Double-X at EI 1600
As well as trying 35mm Double-X with D96, I also wanted to see how it would perform in 16mm for various subminiature cameras, notably the Rollei 16 camera (this has reputedly one of the sharpest lenses on any subminiature camera). The results on this post are scanned from the negatives; printing in the darkroom, it might be possibly to resolve more detail from the 12x17mm negative. The best of the shots from the Rollei 16, such as that below, showed D96 to give fairly fine-grained development: with the negative very nearly a quarter of the size of a standard 35mm frame, at a modest enlargement, the quality does hold up (albeit perhaps suggesting the grain of a faster film, but I think the general point holds true).

Rollei 16 with Eastman Double-X
As a motion-picture negative developer, fine grain is paramount. Grain is inherent to the film's emulsion, but obviously, the appearance of the grain is affected by a number of factors. D96 contains sodium sulfite, which acts as a solvent (as well as a preservative), softening the look of the grain; equally, some of the fineness of the grain in my results may be in part due to the developer's low contrast, particularly on a micro level, smoothing out the look of the grain. This also makes it a good choice of developer for using Double-X in half-frame cameras, as well as subminiature cameras. I did shoot some Double-X in a couple of half-frame cameras for this post, but, again, under fairly poor lighting conditions, which perhaps didn't provide the best conditions for testing the film.

Olympus Pen EE3 (half-frame) with Eastman Double-X
Belomo Agat 18K (half-frame) with Eastman Double-X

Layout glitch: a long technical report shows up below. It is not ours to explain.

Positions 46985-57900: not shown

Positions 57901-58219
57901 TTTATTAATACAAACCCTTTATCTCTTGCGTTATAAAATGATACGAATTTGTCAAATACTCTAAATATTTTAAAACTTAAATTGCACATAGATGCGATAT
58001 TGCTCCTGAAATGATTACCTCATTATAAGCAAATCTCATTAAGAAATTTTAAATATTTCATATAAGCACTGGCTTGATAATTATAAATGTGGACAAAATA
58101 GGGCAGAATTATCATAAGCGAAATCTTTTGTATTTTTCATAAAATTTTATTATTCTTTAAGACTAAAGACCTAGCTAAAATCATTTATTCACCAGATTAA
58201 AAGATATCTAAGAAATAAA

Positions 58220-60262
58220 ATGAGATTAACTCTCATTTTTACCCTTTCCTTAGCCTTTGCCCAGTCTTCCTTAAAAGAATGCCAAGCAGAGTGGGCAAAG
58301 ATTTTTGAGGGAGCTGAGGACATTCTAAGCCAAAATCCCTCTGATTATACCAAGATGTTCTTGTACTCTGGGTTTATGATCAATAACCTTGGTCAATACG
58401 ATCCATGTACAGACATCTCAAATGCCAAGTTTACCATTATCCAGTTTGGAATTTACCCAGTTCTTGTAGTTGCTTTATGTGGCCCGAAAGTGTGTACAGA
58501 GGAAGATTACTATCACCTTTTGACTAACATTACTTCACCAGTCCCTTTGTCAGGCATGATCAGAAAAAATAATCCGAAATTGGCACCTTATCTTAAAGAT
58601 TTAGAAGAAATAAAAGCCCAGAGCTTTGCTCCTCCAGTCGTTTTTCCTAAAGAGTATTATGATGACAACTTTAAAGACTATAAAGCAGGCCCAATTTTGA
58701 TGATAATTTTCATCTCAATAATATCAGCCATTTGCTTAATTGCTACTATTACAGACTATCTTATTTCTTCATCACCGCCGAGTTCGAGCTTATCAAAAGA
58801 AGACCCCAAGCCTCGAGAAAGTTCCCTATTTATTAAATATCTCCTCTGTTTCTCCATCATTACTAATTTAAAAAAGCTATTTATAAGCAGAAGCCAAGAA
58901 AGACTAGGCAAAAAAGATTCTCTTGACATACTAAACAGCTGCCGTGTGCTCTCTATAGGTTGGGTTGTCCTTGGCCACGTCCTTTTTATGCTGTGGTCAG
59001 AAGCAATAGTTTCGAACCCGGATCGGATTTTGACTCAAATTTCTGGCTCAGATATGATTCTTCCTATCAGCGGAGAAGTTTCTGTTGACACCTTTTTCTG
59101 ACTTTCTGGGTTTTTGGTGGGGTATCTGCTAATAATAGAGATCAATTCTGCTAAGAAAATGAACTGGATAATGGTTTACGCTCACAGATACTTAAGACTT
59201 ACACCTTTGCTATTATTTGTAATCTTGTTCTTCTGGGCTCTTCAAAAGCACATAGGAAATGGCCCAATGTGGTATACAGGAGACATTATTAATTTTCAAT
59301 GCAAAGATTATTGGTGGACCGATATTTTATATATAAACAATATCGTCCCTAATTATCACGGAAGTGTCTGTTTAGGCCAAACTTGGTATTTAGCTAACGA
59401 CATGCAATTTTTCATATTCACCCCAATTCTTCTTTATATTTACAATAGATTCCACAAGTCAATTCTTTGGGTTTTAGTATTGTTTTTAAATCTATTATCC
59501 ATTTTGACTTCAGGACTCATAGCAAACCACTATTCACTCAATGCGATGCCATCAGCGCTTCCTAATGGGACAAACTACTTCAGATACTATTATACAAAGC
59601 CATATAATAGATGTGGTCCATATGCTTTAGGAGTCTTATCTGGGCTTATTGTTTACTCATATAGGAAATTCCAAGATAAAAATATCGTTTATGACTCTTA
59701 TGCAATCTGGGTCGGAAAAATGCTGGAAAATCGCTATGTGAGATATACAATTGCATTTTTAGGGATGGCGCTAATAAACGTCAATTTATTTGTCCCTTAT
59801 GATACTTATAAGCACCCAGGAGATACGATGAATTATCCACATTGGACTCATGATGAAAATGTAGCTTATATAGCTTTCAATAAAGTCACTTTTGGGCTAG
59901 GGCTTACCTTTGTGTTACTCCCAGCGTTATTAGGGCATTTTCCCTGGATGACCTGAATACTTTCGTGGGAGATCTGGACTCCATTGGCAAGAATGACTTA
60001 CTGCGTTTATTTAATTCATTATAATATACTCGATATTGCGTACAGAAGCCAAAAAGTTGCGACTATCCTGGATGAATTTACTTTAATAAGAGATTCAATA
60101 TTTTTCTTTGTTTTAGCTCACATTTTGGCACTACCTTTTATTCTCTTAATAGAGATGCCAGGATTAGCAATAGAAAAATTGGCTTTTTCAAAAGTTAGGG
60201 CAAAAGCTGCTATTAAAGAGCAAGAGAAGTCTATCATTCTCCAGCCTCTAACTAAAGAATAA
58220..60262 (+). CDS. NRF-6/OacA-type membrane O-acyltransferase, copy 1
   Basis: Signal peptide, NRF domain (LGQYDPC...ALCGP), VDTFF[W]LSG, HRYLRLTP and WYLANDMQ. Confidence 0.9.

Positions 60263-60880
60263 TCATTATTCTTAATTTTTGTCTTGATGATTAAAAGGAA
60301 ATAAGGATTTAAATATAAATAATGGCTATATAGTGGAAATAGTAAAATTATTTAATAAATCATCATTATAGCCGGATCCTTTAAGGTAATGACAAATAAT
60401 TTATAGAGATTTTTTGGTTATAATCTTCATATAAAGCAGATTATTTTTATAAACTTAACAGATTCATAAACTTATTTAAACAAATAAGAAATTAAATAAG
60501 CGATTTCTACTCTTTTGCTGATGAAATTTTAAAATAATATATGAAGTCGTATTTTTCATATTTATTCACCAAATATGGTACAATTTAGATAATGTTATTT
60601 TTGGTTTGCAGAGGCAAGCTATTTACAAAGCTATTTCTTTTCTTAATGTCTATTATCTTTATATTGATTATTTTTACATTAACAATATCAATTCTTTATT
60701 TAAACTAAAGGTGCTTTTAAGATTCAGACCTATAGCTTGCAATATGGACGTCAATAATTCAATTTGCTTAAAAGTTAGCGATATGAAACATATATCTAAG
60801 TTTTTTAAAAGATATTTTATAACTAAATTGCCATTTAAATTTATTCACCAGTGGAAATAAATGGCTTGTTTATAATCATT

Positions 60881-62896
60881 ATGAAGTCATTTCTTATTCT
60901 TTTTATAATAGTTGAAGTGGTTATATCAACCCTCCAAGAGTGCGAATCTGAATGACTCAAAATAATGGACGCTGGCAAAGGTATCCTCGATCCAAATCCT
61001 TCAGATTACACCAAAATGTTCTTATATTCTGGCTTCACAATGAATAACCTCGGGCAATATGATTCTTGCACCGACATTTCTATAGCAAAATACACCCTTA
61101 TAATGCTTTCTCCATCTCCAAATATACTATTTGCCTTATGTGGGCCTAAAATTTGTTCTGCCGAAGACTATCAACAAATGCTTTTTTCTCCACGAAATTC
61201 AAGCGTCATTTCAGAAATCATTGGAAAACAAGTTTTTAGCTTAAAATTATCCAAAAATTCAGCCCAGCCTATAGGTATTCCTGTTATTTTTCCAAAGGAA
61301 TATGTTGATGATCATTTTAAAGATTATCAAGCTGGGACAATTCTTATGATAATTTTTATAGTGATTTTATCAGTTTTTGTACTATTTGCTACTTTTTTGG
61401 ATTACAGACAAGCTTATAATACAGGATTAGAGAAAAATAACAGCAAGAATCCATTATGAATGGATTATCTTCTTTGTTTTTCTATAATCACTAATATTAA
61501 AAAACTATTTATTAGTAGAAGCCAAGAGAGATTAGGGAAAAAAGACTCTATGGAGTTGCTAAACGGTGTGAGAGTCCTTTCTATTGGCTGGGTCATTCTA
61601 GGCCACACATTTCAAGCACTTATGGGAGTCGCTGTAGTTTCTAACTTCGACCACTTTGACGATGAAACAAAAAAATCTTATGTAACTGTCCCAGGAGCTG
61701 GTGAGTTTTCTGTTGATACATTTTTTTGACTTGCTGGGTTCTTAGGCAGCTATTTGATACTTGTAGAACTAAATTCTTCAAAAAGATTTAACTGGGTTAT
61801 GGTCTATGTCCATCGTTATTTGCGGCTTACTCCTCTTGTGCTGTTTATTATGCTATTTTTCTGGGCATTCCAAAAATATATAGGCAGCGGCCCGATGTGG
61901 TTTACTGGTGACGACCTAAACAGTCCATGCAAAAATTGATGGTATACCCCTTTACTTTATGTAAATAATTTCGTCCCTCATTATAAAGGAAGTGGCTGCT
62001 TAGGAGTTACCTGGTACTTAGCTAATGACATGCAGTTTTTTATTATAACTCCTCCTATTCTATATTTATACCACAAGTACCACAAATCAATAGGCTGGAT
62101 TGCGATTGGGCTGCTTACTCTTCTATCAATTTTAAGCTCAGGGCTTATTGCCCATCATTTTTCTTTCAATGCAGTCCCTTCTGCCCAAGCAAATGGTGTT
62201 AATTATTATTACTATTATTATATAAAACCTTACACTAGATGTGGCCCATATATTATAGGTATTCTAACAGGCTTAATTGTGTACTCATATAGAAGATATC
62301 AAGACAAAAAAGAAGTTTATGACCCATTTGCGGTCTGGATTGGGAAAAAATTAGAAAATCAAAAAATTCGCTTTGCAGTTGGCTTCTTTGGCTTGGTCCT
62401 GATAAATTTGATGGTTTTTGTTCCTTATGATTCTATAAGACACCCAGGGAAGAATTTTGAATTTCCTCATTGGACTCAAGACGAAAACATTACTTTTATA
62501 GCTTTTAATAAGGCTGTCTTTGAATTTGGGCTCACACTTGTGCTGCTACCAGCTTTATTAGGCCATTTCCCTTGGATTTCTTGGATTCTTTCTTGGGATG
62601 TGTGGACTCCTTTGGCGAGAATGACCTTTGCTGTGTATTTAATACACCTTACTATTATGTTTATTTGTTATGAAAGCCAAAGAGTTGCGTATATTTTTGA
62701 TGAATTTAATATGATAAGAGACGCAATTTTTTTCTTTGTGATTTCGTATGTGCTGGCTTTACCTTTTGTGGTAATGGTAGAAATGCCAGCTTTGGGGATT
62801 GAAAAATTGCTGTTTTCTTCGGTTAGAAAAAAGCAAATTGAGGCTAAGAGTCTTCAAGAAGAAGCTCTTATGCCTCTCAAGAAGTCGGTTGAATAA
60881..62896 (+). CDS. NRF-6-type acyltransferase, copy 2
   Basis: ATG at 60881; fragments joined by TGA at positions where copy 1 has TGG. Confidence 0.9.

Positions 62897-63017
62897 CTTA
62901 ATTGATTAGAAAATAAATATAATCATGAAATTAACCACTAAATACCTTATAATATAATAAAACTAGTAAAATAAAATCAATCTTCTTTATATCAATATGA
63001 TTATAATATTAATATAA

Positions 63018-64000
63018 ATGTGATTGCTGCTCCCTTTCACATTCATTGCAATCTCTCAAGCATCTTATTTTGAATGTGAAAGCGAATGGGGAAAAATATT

I had been fairly ambivalent about Eastman Double-X prior to using it with D96: it almost felt like a different film, testing it again with a more sympathetic developer. The grain appears finer, the film does seem to have better latitude, and, on my limited tests, it pushes better, with more consistent results. However, a few further reflections on using D96 might be apposite here. The developers I have mostly used for black and white films - Rodinal and Ilfotec LC29 - I have treated as 'one-shot' developers, Rodinal, which I've generally used as Compard's R09 One Shot clearly being so, but also Ilfotec LC29, which Ilford recommend using as a one-shot developer when diluted 1+29, or indeed for best results. At lower dilutions, 1+9 or 1+19, I've tended to use it for just one session, but have developed a number of rolls of film, one after the other. Using a stock solution such as D96 does provide some consideration, namely around temperature and exhaustion. With a highly concentrated one-shot solution, I get the water to dilute the film developer up to temperature simply by adding hot and cold together until these reach 20ºC, then add the concentrated developer. Even if this is cold, adding one 30th part at 15ºC for example, 12ml to 300ml, will not significantly alter the temperature. With D96, I found warming the bottle of stock solution took more care, especially when using this early in the year, when the stock solution might be at less than 10ºC off the shelf. Plunging this into a jug of water somewhat warmer than 20 or 21ºC to bring it up to a working temperature more quickly often meant it would get too warm, and then would need to cool before use. The other consideration, exhaustion, was more difficult to calculate. I bought my bottle of Bellini D96 from Nik & Trick; on their website, the suggestion is that a litre of D96 will process "about 100ft". Presumably this is 35mm film. I developed two lengths of 25ft 2x8mm film, 16mm wide, which probably equates to 25ft of 35mm; I also shot four rolls of 27-exposure 35mm film, and some 16mm film with both the Rollei 16 and Mamiya 16 subminiature cameras. In addition, I used the D96 for some Plus-X too, and the FP4 Plus that I'd shot in the Bolex. With the FP4 film, I developed half the film and the negatives were very thin. This might be partly due to user error of course - most of the roll of Double-X I shot with the Agat 18K produced thin negatives, but this was one of the first rolls of film I developed in D96. Returning to comments earlier in this post about not changing too many variables, obviously, using several different cameras, with different metering systems or none, and also developing different emulsions with the same stock solution of D96 made it more difficult to see when the developer was beginning to exhaust: the last films I was developing with the D96, I found myself having to double their published times in order to get good results - clearly, accurate record keeping would have helped here. Comments about developer exhaustion notwithstanding, using Eastman Double-X film with D96 has lead me to reappraise this film stock - and understand the enthusiasm that still photographers do have for it.